25 August 2018
Rehul Zannat (23) works with Rohingya refugees in the camps in Bangladesh. She joined ActionAid Bangladesh last year, and is one of several women leading the organisation’s projects in the camps. She lives in Cox’s Bazar.
A day in the life of a Rohingya refugee camp worker
Every day I wake up early – about 5.45 in the morning – and get ready before starting my journey towards the refugee camp where I work. I live in Cox’s Bazar, about 45 kilometers away from the camp. I put everything in my bag that I need – raincoat, boots, umbrella, and some food for lunch. I try to get out of the house by 7.00 AM and catch the nearest bus to the camp. I always need to be really punctual in the mornings – even if you’re just a little bit late, it can be difficult to get a seat.
Getting in and out of the camp is always a real challenge. The road to the camp isn’t too good – it’s a relentlessly bumpy journey for about 2 hours.
When it rains, the road gets flooded easily, and it’s very difficult for the drivers to drive smoothly. Plus, the road into the refugee camp is very narrow. At this time in the morning, when all the NGO workers are on their way in, you see heavy traffic jams all down the road.
I normally get in around 9 or 9.30am – it’s always difficult to be on time. The first thing to do is get ready to go out into the camp to visit the refugees, particularly the women and girls. I quickly discuss the plan for the day with my colleagues, and then we spread out in the camp.
Things have changed quite a bit since I started working here late last year. It’s monsoon season at the moment, and so it rains a lot. In the camps, the soil is sandy, so the roads in the camps have become very muddy.
It’s really tricky to walk around the camp – I’ve personally slipped and fallen countless times while going around to visit refugees in their homes. When there is no rain, it feels very hot – like a desert.
I started this job doing things like making lists of volunteers. Now, I’m working on relocation – helping people to move to safer ground, if they’re living in a place that’s prone to landslides from the monsoons.
We go out in the camps every day and find out which areas are most risky, and which families are most at risk. Then we speak to the refugees about moving, fix a date for their move, arrange a bus or a truck, and assign volunteers to help the families shift their belongings.
I’m responsible for a particular ‘block’ in one of the camps, where there are 20 families. I try to visit each household and ask how they or their families are – if they need anything. Today I visited nearly 15 households.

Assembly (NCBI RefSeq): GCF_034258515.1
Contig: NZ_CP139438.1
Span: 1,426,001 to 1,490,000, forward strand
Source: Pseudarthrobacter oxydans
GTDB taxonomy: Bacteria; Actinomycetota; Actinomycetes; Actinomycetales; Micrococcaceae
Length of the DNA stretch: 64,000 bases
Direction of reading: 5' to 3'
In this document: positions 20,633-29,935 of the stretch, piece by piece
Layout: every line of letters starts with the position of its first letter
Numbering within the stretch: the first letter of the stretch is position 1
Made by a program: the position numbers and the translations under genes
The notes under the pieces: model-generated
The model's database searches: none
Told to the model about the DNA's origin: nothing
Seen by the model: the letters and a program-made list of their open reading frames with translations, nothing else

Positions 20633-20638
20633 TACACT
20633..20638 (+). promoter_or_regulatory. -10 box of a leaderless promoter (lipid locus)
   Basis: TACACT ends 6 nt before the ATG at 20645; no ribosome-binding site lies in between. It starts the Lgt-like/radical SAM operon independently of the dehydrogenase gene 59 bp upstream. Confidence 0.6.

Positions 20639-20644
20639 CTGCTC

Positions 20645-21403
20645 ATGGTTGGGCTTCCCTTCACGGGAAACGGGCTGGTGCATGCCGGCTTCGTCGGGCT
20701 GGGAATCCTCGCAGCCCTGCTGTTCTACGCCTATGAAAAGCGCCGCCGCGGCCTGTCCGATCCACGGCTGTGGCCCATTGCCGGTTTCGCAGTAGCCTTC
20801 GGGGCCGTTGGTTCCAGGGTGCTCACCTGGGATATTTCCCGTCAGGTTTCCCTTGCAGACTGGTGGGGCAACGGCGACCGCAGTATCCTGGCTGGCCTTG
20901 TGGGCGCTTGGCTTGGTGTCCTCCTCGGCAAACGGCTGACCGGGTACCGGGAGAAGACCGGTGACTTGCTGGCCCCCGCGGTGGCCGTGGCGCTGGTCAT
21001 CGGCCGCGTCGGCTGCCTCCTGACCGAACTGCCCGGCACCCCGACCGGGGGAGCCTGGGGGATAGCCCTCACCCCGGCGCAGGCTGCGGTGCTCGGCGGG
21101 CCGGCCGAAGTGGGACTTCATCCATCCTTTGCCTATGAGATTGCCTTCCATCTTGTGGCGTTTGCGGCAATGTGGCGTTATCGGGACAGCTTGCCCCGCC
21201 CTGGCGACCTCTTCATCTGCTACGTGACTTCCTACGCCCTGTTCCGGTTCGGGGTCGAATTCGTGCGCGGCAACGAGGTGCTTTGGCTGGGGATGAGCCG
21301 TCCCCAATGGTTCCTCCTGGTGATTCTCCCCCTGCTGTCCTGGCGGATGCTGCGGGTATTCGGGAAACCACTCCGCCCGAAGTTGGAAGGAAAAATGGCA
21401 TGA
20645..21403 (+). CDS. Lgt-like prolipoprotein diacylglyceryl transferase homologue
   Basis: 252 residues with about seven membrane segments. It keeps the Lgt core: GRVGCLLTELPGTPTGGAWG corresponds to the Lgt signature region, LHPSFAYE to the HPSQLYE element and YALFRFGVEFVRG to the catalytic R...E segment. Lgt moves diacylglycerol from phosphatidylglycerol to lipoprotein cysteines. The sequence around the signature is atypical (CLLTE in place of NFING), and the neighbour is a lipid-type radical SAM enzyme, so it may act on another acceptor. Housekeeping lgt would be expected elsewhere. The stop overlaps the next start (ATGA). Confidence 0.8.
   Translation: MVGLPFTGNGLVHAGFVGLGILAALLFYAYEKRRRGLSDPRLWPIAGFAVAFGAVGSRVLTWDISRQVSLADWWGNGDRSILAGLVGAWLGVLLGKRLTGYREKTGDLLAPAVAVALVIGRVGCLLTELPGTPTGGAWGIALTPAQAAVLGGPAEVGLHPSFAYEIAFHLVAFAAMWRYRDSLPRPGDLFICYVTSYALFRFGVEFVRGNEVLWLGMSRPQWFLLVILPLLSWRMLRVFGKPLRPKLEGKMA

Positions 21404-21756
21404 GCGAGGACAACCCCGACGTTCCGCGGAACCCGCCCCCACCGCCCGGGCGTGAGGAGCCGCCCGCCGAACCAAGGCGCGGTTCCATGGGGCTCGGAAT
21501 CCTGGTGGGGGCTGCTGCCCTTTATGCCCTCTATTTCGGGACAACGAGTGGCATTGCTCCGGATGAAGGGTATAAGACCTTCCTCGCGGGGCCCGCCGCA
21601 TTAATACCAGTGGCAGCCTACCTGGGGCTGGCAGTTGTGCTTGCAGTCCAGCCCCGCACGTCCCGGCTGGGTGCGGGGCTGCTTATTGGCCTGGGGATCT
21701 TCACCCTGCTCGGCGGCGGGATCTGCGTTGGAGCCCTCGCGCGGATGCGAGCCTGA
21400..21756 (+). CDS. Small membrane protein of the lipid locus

Twice a week, I try to have a big meeting with the families in my block. We sit together in one of the shelters and discuss various things, everyone together. It’s like an information sharing process – solving the little problems through discussion. We often talk together about how to make decisions and manage our emotions in the most difficult times.
For the refugees, the camp is a place of disappointment. Imagine a place where people have nothing to do – they have no work, for example. This can lead to real disasters.
Right now, the Rohingya people don’t have to fear for their lives anymore, thanks to the Bangladeshi government, the local community, and national and international organizations. But there are problems here.
At the moment, one of the biggest challenges is security for women and girls in the camp. Gender-based violence is a really alarming problem here.
On my very first day in this job, I came across a terrible scene that I can’t forget to this day.
We were collecting information, and I saw a woman in a block whose husband was physically and mentally challenged. One of her little children was very sick, and it was urgent that someone called a doctor. But the mother was helpless – she herself had been very badly beaten. When my colleagues and I saw this, we stepped in and helped the woman get her child, and herself, to a doctor. That was a day when I really saw how life can be extremely tough.
After my meeting with the families, usually at about 1.30 pm, I take a quick break and have my lunch. Then I go back to my block again to catch up with some of the community elders – called ‘Majhis’. Later on, I’ll write up my notes.
At about 3.45pm I sit with the rest of the ActionAid team and we talk through what we’ve found out or done that day. I usually leave the camp on a bus about 4.45pm.
There’s always a huge traffic jam on the way home, just like in the morning. I normally get home by about 7.30 pm. I freshen up, change and have dinner with my family.
Before going to bed, I try to make the best use of the evening – doing personal admin or hobbies. I’ll usually go on social media, or watch TV or YouTube. At about 11.30 pm to 12.00, I try to fall asleep.
Every day in this job is challenging. But it’s all a matter of patience and self-control. I love helping people – meeting them and being a part of solving their problems.